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Time-resolved hail and raindrop size distributions measured simultaneously during a multicellular hailstorm are presented. The time variation of the size distributions allowed a detailed analysis of the structure of the hailswath. It consisted of four hail cells with a duration of 2–3 min each. The number density of the hailstones increased and the mean diameter decreased during the lifetime of a cell. The contributions of liquid water and ice water content to the total water W were about equal; W was never larger than 5 g m−3. The size distributions were well approximated by an exponential law. The mean distribution is given by NH (D) = 12 exp (−0.42D). The distributions are compared with measurements and calculations of other authors and the differences are discussed.

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J. Joss and A. Waldvogel

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The standard deviation of the rain intensity R and the reflectivity factor Z are derived theoretically for R and Z values which are calculated from measured distributions of raindrop size. The derivation is based on the assumption that the distribution of raindrop size follows a negative exponential law. The Poisson distribution is assumed for the number of the counted drops with diameters between D and D+dD. We found that a large sample is necessary to get a good estimate of R and Z; for example, in a widespread rain with a rainfall rate of 1 mm hr−1, a filter paper with an area of ˜1 m2 must be exposed during 1 sec to obtain, with a probability of 68%, a Z value which deviates less than 20% from the mean.

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A. Huggel, W. Schmid, and A. Waldvogel

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The relationship between raindrop size distribution, measured with a disdrometer, and a radar parameter of the melting-layer bright band is investigated. The data, obtained in July 1993 in Switzerland, cover 120 h of precipitation. A good correlation (about −0.7) between the strength of the bright band (ΔZ e) and the intercept and slope parameters of the Marshall-Palmer drop size distribution (N 0, ∇) is observed for horizontally uniform precipitation of moderate intensity (one-third of total rainfall). Steep spectrum with many small drops and no large drops are associated with small values for ΔZ e, whereas flat spectra with relatively few small drops and with large drops exhibit a well-defined bright band with a large ΔZ e.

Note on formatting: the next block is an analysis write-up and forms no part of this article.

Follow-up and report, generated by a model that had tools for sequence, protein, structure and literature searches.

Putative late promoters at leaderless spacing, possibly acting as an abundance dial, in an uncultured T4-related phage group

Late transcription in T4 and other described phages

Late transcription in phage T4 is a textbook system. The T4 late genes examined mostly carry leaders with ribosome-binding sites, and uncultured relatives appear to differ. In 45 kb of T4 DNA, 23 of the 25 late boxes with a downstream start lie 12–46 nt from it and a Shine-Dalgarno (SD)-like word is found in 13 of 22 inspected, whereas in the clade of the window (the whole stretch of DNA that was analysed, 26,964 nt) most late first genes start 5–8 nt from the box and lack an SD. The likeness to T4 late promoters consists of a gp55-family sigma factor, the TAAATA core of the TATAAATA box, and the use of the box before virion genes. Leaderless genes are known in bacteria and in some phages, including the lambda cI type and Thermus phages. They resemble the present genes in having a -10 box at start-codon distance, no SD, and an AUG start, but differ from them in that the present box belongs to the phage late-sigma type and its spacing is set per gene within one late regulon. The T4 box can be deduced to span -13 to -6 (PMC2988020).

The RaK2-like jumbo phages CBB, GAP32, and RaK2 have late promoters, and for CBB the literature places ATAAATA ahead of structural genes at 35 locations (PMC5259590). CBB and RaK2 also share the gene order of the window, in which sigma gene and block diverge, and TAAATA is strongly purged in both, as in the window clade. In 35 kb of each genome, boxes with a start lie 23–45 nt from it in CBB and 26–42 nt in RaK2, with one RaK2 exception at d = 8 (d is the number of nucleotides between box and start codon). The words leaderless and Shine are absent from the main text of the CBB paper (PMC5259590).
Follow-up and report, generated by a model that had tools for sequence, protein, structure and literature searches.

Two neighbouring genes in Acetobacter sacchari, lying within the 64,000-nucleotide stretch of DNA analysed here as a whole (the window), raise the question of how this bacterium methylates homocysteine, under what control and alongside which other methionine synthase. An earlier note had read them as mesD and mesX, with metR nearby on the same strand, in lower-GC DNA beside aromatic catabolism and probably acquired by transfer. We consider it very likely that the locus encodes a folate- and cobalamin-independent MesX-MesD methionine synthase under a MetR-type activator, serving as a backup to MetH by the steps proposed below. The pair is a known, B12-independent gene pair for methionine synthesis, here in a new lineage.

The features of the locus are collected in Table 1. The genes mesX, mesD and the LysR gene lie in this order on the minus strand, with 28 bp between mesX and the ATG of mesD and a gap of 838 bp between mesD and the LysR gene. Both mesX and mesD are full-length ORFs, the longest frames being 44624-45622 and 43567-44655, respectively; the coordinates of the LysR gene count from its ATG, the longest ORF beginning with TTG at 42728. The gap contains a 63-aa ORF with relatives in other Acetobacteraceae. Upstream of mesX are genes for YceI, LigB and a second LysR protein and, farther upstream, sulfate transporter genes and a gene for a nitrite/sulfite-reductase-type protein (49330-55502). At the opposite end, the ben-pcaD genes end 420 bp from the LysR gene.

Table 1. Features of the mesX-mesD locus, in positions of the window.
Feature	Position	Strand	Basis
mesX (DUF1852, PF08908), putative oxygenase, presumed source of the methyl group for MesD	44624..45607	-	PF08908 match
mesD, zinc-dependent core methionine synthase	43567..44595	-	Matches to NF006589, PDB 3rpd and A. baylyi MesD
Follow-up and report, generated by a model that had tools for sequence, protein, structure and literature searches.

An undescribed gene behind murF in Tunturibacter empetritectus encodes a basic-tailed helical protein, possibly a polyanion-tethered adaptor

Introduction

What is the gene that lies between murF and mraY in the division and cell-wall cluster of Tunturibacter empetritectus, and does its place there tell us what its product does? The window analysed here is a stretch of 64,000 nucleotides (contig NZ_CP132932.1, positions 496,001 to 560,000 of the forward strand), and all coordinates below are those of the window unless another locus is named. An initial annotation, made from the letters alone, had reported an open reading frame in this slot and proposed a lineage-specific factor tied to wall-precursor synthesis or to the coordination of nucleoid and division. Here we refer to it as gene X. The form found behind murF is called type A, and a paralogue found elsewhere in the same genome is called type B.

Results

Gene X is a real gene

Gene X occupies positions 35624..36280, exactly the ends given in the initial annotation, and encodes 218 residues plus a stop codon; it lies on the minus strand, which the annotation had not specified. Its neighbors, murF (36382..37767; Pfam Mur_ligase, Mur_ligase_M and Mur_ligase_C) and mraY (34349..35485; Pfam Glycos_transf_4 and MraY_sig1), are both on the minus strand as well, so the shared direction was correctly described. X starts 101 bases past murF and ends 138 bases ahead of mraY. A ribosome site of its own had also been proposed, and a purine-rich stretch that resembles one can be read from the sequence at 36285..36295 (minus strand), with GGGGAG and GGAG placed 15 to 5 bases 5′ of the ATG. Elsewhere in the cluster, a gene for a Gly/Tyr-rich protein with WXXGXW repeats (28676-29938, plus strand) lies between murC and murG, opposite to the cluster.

Considering ΔZ e allows a significantly better derivation of the rainfall rate from radar measurements than is possible with standard Z-R relationships. The rms errors of the 10-min averages of rainfall intensity can be reduced by 20%–40%.

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W. Schmid, H. H. Schiesser, and A. Waldvogel

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Ground-and radar-measured patterns of hail kinetic energy from eight hailstorms have been compared. The radar patterns were shifted horizontally in such a way that the correlation coefficient between the ground and radar data reaches a maximum. The correlation coefficients increased from .7 (no shift) to .9 (optimal shift) on average. The “optimal” shift vector is in good agreement with conceptual models about the kinematics of the storms.

The influence of microphysical effects and of the storm dynamics on the agreement between the hailpad-and radar-measured quantities is discussed in detail. The melting of hailstones and the shape of hailstone spectra have been considered in additional analyses, and the impact of these effects on the ground and radar measurements could be isolated. The results imply that the melting of hailstones is more pronounced in supercell storms than in single-cell storms or in multicell storms.